Nature of project: data analysis, data analysis
Available to students on full-time physics degree schemes or joint students.
Filaments and prominences can often be very stable in the solar corona and stay in their positions for long time (from days to months). However, high resolution observations show that they are always dynamic in nature. The eruption of filaments can lead to coronal mass ejections. It is recently discovered that some filaments/prominences can have tonado type behaviour. There are different explanations for these tornado events (expansion of helical magnetic structures or slow magnetosonic waves into coronal cavities). The goal of the project is to survey the Solar Dynamic Observatory extreme ultraviolet images and videos to find this kind of rotational motions in prominences and reach your own conclusion about the nature of such rotational motions.
A successful project will develop beyond the above in one/some of the following directions:
critical review on the theories of filament/prominence formation.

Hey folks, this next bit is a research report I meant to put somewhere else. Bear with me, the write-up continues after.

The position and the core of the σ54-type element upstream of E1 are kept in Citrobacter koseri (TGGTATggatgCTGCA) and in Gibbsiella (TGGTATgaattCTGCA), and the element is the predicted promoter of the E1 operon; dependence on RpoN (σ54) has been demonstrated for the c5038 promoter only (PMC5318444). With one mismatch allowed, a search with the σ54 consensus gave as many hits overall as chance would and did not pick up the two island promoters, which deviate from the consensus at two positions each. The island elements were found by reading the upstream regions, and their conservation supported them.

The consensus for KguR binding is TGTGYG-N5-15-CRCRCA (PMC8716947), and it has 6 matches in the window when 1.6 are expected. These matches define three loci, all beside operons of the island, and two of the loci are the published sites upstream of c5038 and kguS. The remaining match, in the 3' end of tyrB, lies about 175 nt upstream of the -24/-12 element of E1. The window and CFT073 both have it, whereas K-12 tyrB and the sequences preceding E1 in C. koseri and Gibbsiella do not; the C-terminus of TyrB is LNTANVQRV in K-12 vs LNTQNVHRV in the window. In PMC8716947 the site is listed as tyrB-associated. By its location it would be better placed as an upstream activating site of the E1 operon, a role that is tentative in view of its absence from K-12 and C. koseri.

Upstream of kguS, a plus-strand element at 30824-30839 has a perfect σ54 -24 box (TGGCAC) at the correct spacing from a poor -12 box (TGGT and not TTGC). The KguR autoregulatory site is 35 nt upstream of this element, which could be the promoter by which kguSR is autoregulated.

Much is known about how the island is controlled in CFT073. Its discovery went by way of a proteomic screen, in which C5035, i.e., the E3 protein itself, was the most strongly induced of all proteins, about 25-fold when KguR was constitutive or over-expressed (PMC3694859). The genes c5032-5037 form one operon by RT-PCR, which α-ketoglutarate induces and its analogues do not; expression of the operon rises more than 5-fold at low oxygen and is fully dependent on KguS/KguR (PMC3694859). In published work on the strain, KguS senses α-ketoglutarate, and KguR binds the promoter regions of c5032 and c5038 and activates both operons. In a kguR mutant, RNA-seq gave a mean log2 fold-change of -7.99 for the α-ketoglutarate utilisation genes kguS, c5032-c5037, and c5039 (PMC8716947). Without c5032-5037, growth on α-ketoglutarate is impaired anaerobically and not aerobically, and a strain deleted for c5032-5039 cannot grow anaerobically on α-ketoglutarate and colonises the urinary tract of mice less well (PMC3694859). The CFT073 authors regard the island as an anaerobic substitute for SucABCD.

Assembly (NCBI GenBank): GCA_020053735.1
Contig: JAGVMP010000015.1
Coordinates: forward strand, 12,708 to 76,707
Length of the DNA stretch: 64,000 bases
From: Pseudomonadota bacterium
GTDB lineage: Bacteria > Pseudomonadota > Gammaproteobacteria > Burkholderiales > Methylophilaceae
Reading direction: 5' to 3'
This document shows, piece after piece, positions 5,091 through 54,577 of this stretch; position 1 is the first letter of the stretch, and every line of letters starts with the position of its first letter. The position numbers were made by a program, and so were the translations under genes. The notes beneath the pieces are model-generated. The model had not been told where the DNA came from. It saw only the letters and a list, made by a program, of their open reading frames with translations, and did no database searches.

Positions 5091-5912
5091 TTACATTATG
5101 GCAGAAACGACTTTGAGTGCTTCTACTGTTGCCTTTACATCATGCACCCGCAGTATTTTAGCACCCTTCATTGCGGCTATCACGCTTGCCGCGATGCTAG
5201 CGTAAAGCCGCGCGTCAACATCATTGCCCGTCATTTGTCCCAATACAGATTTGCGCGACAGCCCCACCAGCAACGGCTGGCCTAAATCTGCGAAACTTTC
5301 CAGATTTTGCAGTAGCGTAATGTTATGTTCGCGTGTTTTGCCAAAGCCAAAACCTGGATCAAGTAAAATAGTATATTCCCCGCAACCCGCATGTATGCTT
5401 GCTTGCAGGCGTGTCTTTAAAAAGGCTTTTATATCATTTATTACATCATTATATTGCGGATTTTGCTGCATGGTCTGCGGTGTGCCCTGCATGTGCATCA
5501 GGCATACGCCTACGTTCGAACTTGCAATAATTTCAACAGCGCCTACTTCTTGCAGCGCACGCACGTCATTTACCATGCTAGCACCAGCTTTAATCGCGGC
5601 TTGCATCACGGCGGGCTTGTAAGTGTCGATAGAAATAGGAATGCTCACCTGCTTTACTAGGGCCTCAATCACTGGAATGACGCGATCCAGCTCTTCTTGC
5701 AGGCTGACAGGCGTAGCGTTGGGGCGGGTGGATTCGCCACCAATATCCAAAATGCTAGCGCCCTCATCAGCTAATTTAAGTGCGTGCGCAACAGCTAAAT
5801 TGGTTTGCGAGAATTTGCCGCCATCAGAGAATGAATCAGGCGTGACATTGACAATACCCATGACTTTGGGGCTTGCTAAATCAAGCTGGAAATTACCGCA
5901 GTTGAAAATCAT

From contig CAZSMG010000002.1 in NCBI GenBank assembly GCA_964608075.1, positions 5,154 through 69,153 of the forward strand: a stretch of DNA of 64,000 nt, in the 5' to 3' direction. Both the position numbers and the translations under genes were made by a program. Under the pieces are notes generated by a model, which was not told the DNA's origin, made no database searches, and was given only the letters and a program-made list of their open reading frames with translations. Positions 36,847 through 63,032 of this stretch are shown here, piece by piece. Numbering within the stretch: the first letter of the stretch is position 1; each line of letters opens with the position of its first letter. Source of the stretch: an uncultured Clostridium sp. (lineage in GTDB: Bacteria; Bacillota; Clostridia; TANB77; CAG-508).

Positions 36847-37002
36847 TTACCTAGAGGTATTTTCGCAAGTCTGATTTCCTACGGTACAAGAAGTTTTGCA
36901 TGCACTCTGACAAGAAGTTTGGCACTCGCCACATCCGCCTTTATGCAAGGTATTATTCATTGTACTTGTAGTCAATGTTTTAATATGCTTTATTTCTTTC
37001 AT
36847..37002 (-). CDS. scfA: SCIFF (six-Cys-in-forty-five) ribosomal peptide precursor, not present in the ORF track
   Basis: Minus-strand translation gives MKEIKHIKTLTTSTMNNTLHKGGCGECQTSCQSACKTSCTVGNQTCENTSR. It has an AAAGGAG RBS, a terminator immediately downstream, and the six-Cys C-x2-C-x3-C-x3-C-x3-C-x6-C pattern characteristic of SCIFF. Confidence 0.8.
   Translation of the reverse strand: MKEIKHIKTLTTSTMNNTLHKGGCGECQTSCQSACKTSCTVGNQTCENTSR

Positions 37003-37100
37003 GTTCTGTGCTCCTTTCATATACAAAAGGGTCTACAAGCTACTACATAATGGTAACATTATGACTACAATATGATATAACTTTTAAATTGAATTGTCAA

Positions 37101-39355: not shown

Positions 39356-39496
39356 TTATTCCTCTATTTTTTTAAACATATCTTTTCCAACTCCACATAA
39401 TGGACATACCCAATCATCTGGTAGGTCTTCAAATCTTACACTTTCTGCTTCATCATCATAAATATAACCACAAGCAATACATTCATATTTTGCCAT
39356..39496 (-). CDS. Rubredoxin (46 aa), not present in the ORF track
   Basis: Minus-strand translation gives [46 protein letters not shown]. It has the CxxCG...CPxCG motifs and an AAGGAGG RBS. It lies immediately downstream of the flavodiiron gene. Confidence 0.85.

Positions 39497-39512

When considering where to take your project, please bear in mind the time available. It is preferable to do fewer things well than to try many and not get conclusive results on any of them. However, sometimes it is useful to have a couple of strands of investigation in parallel to work on in case delays occur.
Additional scope or challenge if taken as a Year-4 project: The project is also suitable for year 4 if it is chosen only for project dissertation (phm59). For an extended year 4 project (phm58), data analysis plus an element of simulation (use simple geometric projection to simulate the observed phenomenon) may be needed.
Please speak to Xing Li if you consider doing this project.
Initial literature for students:
The project has been run a few times.
|milestone||to be completed by|
|Initial rough idea of solar filaments/prominences||end of October|
|Learn how to use solarsoft and IDL to handle SDO images||Christmas|
|Find examples of rotational motions.||end of February|
|Have detail analysis/reasoning about the nature of rotational motions in filaments||Easter|